3 New Year Resolutions Your Life Depends On

By Stephen T. Sinatra, M.D., F.A.C.C., F.A.C.N., C.N.S., C.B.T.

Resolutions…This time of year, everyone’s talking about them, many people are making them, and very few people are keeping them.

In fact, 80% of people fail at keeping their New Year’s Resolutions by the time Valentine’s Day rolls around. Aren’t there bound to be determined, hard-working individuals in that 80% majority? So…why do they fail?

Take it from my 40-plus years of experience with all sorts of well-intentioned patients… people fail at achieving their most vital health goals because they either try to do too much, or they try to do too much at once. With an aggressive list, focus gets divided. When this happens, it’s tough to prioritize, and you may even lose sight of your health goals entirely!

As you make new year resolutions, my advice to you is:

  • Be specific.
  • Keep it simple.  
  • Most importantly, choose resolutions that won’t just change your year, but that could change your life.

As a cardiologist, I suggest just three straightforward new year resolutions your life actually depends on. They’re simple and have powerful potential to change your life for the better. And, instead of just helping you start your year off right, these health goals are practices that can become habits which improve your life for many years to come.

Three New Year Resolutions You Should Make For Life

Resolution #1 – Stop “dieting” and rethink food entirely.

INSTEAD OF: Latching onto a fad diet or depriving yourself of certain foods…

DO THIS: Change your relationship with food.

Food has become such a big part of our social lives and leisure time, and can be such a source of pleasure, that its purpose has nearly gotten lost over the centuries. While food is a great way to enjoy life and bring people together, food’s primary purpose is to fuel our bodies.

After all, our bodies work 24 hours a day to serve us – why don’t we spend as much time serving our bodies? We need to give the body the fuel it needs. When we fail to do so, we compromise the body’s strength and ability to do what it is designed to do: fight disease, heal itself, sustain our energy, and keep us on the road to longevity. In a compromised condition, our bodies tire easily, and become stressed, overweight, or ill.

Where to start:

Adopt the Pan-Asian Modified Mediterranean (PAMM) Diet – This isn’t really a “diet” at all, but instead, a plan for eating natural, nutritious foods that support vitality. Founded upon science-based principles, the PAMM Diet is a guide for eating foods that truly fuel your health.


  • The foods in this diet help reduce inflammation in the body, which in turn reduces the severity and incidence of everything from minor aches and issues, to illness and disease.
  • By focusing on foods rich in health-supporting, natural nutrients, you will find it easier to avoid the refined sugar and “bad fats” that have been working against you for years. The more you eat foods your body really needs, the easier it will be to cut back on “empty calories” like sugary sweets and fast (or fried) foods.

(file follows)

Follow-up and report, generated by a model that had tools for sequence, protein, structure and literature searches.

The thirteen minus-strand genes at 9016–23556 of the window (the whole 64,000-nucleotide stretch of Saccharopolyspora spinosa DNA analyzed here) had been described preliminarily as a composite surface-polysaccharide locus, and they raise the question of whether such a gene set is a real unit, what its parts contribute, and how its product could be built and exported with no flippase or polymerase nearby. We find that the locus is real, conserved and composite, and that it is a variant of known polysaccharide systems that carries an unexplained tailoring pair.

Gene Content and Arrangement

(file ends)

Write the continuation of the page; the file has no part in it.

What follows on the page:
• People who adopt this diet often report having more energy, an increase in lean muscle with a decrease in extra body fat, and even improved heart health.
  • BONUS: You can still eat healthy fats and delicious pasta on this diet.

Resolution #2 – Start thinking about your heart first.

INSTEAD OF: Trying to lower the number on the scale or make your muscles bigger…

DO THIS: Make your most important muscle (your heart) stronger.

We’re only human, and we can’t ignore the fact that it feels good to look good. Everyone seems to have a “goal weight” or a desire to tighten and tone, or build up those muscles in the mirror. And while confidence and strength are good things, they’re not the most important: your longevity and vitality are.

Though it’s beating all of the time without us even having to think about it, our heart is responsible for the functioning of everything else in our body. If our heart is weak or unhealthy, we can’t enjoy (or even do) all of the things that make us lean, strong and happy. If you’re still young, or have never had any heart issues, it’s very easy to take your heart’s health for granted. Believe me – prevention is so much easier than cure.

It’s important to remember that no one is 100 percent immune to heart problems, and that a proactive approach is much better in the long run. So don’t wait until your heart starts showing you signs of trouble – pay attention to it right now.

Where to start:

Give your heart more of 2 key things it needs: nutrients and oxygen.
Nutrients: You get a two-for-one deal on nutrients, because the ones you get from adopting the PAMM Diet (see Resolution #1) are ideal for your heart. So I’ll emphasize it again: adopt the PAMM Diet, and eat up when it comes to those good fats and colorful plants, fruits and proteins. I also recommend taking dietary supplements to give you the extra nutritional boost – here are my top 5.